The picture was a drama. It was about a dear old blind mother in Austria whose children had all gone to America to make good. They had not, as a matter of fact, made good. One was a taxi driver and another a chorus girl and the third was at music teacher with a pitiful local practice. But they sent their money home to dear old mother in Austria, and wrote her lying letters about owning motor cars and being. musical comedy stars and famous pianists on concert tours all over America.

It went from bad to worse. The scene as mother leaves Austria on a surprise visit to her wonderfully successful children in America was terrible, but when she arrived in America, it got really tough.

I began groaning very softly about that part. And when a marvellous eye specialist was called in to restore mother’s sight, and he turned out to be a fat spectacled gentleman with his eye on the loveliest elder daughter, I began to applaud. Each time he came on, I applauded heartily. The villain was a woman and I began hissing her.

“Cut it out,” said Jim, softly.

I replied by applauding the fat eye specialist.

Functions of Criticism

Jim seized his coat and rose and hurriedly wiggled out the row and left. It is not so easy to be independent when you are left alone. I clapped a couple of times and hissed once, when I noticed two ushers and another man in the aisle, standing. A flashlight was turned on me.

“This way, please,” said the usher.

“What’s the matter?” I asked.

“You are disturbing the show,” said the man with the ushers, who turned out to be the manager.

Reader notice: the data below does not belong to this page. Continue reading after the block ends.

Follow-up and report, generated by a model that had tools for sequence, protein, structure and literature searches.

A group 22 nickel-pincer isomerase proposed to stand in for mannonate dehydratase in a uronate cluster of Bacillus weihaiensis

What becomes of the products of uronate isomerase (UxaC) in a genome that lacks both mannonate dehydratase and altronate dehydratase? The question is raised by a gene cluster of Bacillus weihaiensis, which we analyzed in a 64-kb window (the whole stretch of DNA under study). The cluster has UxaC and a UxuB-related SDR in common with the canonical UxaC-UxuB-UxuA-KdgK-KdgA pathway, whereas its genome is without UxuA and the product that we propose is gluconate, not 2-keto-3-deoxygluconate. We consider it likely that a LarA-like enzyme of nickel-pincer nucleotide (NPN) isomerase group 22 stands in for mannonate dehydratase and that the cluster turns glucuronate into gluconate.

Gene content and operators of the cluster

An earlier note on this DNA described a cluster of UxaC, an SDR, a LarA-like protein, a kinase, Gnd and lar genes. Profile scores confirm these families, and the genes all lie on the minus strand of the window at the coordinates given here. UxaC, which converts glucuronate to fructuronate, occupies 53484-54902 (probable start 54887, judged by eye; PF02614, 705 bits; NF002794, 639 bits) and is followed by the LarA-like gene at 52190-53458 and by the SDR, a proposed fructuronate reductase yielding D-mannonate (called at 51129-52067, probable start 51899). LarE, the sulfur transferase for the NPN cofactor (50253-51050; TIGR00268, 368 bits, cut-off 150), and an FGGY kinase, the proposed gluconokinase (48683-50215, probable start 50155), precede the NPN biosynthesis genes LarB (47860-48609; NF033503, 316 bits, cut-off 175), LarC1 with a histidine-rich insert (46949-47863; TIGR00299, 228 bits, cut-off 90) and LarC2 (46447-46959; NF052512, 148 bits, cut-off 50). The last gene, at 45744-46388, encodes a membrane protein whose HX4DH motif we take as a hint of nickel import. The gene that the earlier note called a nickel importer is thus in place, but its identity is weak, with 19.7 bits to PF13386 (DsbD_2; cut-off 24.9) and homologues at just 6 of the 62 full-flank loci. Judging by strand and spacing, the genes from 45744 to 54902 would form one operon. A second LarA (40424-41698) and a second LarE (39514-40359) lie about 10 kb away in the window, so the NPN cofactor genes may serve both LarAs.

“Indeed,” said I, “anything that could disturb this…”

Two people behind me, I think they were ladies, got hold of my collar and rather than make a scene, I took my coat and went to meet the usher who was coming along the row to help me.

We all went up the aisle together, amid a mild scattering of applause to which I paused and bowed.

In the lobby, Jimmie was waiting, pale and formal.

“I’ll look after him, gentlemen,” said Jim to the resplendent ushers and the manager. “Wait till I have a look at him,” said the manager, “so I’ll know him. Boys, take a good look.”

Jim held my coat for me.

“A little misfortune,” said Jim, “happened at the ticket booth on our way in.”

“What was that?” asked the manager.

“Nothing at all,” said Jim. “Just one of those small trifles that sometimes spoils a man’s whole evening.”

“I was within my rights.” I started. But Jim just took my arm and hustled me forth to the street.

“It was a punk show anyway, Jim,” I said. “We’re well rid of it. That eye specialist…”

“How in the world,” said Jim grimly, “you could put on an exhibition like that!”

“I was doing everybody in there a favor,” I said.

“Is that so?” said Jim.

“I was making them all feel,” I explained, “how much better they were than me. Suppose there were no people like the ones I was imitating? How would the great majority of people know how nice they are?”

“So it was just human kindness on your part?” said Jim.